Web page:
by Jim Butcher
Buy it at Amazon or Barnes & Noble
Recommended by Mike Thompson and Mike Grace
Fool Moon is the worst kind of book to review. As much as I want to tear it to pieces on a few technical levels, I just can't because I had so much fun reading it. Then again, if you've ever read a Jim Butcher novel before, you pretty much know what you're in for.
If not, here's how Jim Butcher's Dresden Files series works: Harry Dresden is a wizard in modern day Chicago. In fact, he's the only wizard-for-hire in town. While Harry has great magical talent, his business sense is lackluster, so he's always taking odd jobs either for the local police force or the occasional wealthy private citizen. His adventures put him at loggerheads with dark wizards, demons, and the criminal underworld, while exposing him to an ongoing love triangle between a beautiful journalist and a scrappy police lieutenant.
As you can imagine, Harry's adventures are pulpy at best, trashy at worst, and the kind of book you could very easily read in one sitting if you have a few hours to kill.
For what it's worth, Jim Butcher is a fairly talented writer, and has a real knack for action scenes, strong characters, and natural dialogue. He's also highly educated and shows it off at regular intervals with references to Shakespeare, Germanic opera, and pop culture from Dracula to Star Trek. Both Butcher as unseen director and Harry as narrator have appealing voices and amiable personalities.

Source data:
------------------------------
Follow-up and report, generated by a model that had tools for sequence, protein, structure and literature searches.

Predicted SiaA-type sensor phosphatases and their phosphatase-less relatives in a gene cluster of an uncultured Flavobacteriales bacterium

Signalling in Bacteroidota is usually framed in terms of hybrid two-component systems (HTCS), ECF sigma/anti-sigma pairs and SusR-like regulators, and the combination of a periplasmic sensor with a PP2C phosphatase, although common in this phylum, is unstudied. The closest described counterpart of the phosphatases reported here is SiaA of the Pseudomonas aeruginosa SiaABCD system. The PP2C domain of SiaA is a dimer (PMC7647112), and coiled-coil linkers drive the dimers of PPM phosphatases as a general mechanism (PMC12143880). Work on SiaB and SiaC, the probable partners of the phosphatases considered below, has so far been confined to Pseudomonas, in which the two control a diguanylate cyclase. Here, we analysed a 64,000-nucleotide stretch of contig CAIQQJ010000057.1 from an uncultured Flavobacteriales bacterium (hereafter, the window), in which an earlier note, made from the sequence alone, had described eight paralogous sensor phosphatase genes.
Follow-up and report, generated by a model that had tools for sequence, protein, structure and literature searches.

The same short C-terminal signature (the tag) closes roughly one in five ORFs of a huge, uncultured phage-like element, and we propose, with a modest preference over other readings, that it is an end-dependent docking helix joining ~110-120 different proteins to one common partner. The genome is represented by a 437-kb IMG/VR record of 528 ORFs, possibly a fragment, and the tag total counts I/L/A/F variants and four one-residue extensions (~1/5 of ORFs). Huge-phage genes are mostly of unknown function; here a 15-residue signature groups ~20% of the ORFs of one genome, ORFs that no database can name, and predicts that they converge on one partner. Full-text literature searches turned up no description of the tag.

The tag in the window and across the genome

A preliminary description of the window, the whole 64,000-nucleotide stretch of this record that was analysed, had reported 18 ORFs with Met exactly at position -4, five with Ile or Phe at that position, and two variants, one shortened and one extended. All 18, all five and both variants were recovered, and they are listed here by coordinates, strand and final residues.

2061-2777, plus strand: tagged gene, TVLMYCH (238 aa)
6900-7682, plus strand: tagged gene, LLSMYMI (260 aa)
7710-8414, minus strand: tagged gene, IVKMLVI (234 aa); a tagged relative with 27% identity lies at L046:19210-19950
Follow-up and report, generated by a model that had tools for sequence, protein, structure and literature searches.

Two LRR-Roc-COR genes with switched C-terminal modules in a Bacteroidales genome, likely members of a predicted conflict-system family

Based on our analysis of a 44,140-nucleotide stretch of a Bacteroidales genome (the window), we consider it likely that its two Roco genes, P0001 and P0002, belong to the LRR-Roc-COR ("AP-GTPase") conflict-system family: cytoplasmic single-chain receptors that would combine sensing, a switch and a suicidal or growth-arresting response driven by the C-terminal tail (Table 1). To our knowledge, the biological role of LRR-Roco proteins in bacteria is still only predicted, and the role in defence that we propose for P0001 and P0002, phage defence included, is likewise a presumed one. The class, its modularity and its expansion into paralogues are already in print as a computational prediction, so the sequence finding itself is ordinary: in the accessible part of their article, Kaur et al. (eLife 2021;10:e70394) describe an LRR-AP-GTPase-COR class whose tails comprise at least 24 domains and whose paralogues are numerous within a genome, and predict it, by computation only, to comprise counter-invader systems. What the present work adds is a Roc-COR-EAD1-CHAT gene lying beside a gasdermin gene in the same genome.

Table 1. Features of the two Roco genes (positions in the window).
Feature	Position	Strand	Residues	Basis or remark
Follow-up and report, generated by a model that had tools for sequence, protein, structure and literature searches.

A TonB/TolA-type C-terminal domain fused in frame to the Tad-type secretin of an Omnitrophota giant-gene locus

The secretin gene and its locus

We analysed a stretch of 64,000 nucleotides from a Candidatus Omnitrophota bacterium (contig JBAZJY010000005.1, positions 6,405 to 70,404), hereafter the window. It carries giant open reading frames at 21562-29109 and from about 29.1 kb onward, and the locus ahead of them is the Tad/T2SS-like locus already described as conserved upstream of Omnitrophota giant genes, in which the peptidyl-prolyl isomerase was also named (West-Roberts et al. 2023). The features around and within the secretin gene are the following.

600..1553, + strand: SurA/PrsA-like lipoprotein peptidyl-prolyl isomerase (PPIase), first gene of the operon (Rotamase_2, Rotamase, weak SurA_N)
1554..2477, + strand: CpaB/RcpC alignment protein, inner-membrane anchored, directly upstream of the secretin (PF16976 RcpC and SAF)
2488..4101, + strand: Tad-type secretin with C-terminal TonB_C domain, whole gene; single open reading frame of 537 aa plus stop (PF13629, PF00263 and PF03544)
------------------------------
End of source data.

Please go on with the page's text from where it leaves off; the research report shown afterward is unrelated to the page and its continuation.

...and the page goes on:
The plot, this time around, involves a series of grisly murders that Harry must investigate, aided by the Chicago police force and an adversarial FBI team. Due to the murders' proximity to the full moon and a number of canine imprints on the bodies, Harry suspects a werewolf as the culprit, and the investigation begins. As expected, there are good guys, bad guys, betrayals, plot twists, and plenty of sex and violence along the way, but it's nothing you couldn't figure out once all the major players have been introduced.
The biggest problem with Fool Moon - and let's not beat around the bush, it's a fairly sizable problem - is with Harry himself. Harry is a bit of a Mary-Sue. He's not an egregious offender, of course - he's not all-powerful, he loses plenty of fights, and he gets banged up pretty badly during his investigation. However, he often keeps the truth to himself, withholding vital information from friends - especially female ones - that, by all rights, might save their lives, or the lives of others. However, Harry feels justified in every deception and rule-bend. If this comes back to bite him in later books, feel free to disregard this whole paragraph, but Harry's dishonesty in the name of chivalry is not a great character trait when played as a positive quality.
Still, Fool Moon is an enjoyable read from start to finish, and keeps the momentum going for The Dresden Files series at large. Since urban fantasy is not my forte, all I can say here is that if you're interested in the genre, you could do much worse than Jim Butcher. Start with Storm Front, as it's the first entry in the series, and should give you a good idea what to expect.